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Iguana Injuries

Thermal Injuries: Serious burns often result when iguanas contact unprotected heat sources within their enclosures. Exposed light bulbs and heat lamps are most often responsible for these accidents. Neither of these appliances is actually necessary. If they are installed in an iguana's enclosure, they must be outfitted with a protective device to prevent burns.

Nose Abrasions: One of the unfortunate consequences of captivity is injury resulting from repeated attempts to escape. Iguanas tend to push and rub their noses against the walls of their enclosures as they repeatedly pace back and forth. This constant trauma results in chronic ulceration of the nose ( rostrum), whether the walls of the enclosure are made of glass or wire mesh. Most injuries may result in serious and often permanent deformities that may cause long-term problems. Preventing this problem is difficult, but providing adequate visual security (hiding places) and other additions to the enclosure (artificial plants, branches, rocks) helps to minimize it. A visual barrier of dark paint or plastic film placed on or along the lower 4 inches of the enclosure's walls often inhibits pacing and rubbing.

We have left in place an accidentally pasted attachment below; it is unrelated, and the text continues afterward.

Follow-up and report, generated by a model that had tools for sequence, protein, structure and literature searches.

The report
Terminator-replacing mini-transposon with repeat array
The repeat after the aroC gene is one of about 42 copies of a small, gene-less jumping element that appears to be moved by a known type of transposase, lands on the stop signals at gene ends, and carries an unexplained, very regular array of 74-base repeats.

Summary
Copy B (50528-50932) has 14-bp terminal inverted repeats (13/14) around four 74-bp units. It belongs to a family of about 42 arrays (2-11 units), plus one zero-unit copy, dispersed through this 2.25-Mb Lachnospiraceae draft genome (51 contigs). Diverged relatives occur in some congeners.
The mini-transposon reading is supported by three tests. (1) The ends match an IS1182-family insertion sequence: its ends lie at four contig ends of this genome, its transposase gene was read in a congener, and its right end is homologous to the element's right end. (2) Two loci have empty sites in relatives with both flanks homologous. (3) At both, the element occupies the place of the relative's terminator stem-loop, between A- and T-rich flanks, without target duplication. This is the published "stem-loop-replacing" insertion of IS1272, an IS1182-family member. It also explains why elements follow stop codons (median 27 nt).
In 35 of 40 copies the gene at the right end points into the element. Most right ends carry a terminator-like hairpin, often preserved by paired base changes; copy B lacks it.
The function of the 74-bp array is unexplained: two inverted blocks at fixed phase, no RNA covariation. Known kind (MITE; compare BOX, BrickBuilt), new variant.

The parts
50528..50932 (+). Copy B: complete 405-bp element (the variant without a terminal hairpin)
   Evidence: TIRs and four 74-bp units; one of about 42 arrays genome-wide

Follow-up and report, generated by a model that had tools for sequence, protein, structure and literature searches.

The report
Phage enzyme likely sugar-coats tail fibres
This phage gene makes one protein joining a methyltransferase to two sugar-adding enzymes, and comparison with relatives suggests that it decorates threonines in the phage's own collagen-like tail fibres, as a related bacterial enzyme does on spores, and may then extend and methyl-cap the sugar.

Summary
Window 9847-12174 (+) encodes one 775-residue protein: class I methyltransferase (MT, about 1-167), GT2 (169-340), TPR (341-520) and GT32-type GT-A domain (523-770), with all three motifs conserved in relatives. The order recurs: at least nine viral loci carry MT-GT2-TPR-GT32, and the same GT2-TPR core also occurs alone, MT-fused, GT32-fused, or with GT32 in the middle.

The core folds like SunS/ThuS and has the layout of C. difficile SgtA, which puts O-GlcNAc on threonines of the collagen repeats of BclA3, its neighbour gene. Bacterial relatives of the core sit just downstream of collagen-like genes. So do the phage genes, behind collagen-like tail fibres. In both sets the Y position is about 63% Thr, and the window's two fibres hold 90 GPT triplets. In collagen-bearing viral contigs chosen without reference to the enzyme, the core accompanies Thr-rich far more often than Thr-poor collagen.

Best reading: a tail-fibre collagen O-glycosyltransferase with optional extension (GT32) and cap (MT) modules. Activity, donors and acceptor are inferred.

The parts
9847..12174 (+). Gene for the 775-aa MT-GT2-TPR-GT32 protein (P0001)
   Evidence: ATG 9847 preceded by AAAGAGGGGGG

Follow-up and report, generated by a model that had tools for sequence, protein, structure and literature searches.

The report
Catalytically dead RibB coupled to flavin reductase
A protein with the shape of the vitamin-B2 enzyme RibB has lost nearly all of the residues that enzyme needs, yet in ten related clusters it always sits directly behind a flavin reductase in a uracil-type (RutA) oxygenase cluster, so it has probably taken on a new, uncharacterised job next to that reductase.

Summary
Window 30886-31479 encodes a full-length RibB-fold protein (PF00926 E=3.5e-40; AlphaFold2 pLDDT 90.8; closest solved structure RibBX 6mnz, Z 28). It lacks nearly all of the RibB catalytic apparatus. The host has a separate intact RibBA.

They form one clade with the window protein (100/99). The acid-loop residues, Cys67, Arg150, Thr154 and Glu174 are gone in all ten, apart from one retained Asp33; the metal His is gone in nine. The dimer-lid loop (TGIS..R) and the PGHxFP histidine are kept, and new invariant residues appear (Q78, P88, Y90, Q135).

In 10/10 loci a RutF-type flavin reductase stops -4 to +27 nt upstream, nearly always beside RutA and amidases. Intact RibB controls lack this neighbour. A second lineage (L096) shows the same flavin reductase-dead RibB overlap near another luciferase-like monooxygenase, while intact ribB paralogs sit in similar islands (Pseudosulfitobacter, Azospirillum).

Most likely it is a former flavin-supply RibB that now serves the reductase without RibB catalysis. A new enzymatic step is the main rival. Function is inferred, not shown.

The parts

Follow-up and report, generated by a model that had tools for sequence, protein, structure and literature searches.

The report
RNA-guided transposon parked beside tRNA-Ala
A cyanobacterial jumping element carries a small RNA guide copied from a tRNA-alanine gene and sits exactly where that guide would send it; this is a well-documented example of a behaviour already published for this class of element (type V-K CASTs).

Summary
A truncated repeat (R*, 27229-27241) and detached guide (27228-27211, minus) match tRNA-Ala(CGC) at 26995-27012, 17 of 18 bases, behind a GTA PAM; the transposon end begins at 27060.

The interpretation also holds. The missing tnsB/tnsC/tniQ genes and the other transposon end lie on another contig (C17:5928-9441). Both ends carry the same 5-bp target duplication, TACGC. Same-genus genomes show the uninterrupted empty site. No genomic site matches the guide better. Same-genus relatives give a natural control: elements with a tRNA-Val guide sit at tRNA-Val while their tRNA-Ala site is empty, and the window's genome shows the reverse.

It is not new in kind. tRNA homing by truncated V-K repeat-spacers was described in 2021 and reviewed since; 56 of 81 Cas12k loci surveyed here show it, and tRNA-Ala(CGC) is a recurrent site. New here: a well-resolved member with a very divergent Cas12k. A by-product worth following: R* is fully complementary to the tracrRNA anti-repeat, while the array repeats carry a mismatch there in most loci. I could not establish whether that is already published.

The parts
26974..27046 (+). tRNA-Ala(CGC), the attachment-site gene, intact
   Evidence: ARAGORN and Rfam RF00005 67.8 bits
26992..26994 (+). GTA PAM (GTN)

Broken Tail: Though iguanas do not easily shed their tails like some other lizard species, tail fractures, dislocations and other serious injuries may occur. Care must be taken to firmly restrain the tall when an iguana is picked up and held. A veterinarian can treat soft tissue injuries according to their severity, and can "set" and splint the fractured tail if necessary.

Broken Toes: An iguana's toes are very vulnerable to injury, especially when iguanas are housed in screened or wire enclosures. It is very easy for toes and/or claws to become entrapped within the wire mesh, resulting in fractures, dislocations, torn claws (with subsequent bleeding), and injuries to the skin and scales of the toes. These injuries often occur during attempts to remove a panicked iguana from its enclosure. Great care should be taken when overcoming the animal's grip on the wire mesh. Twisting of the iguana's body against this steadfast grip often causes serious injuries to the feet and toes. A veterinarian should be consulted at once if such injuries occur.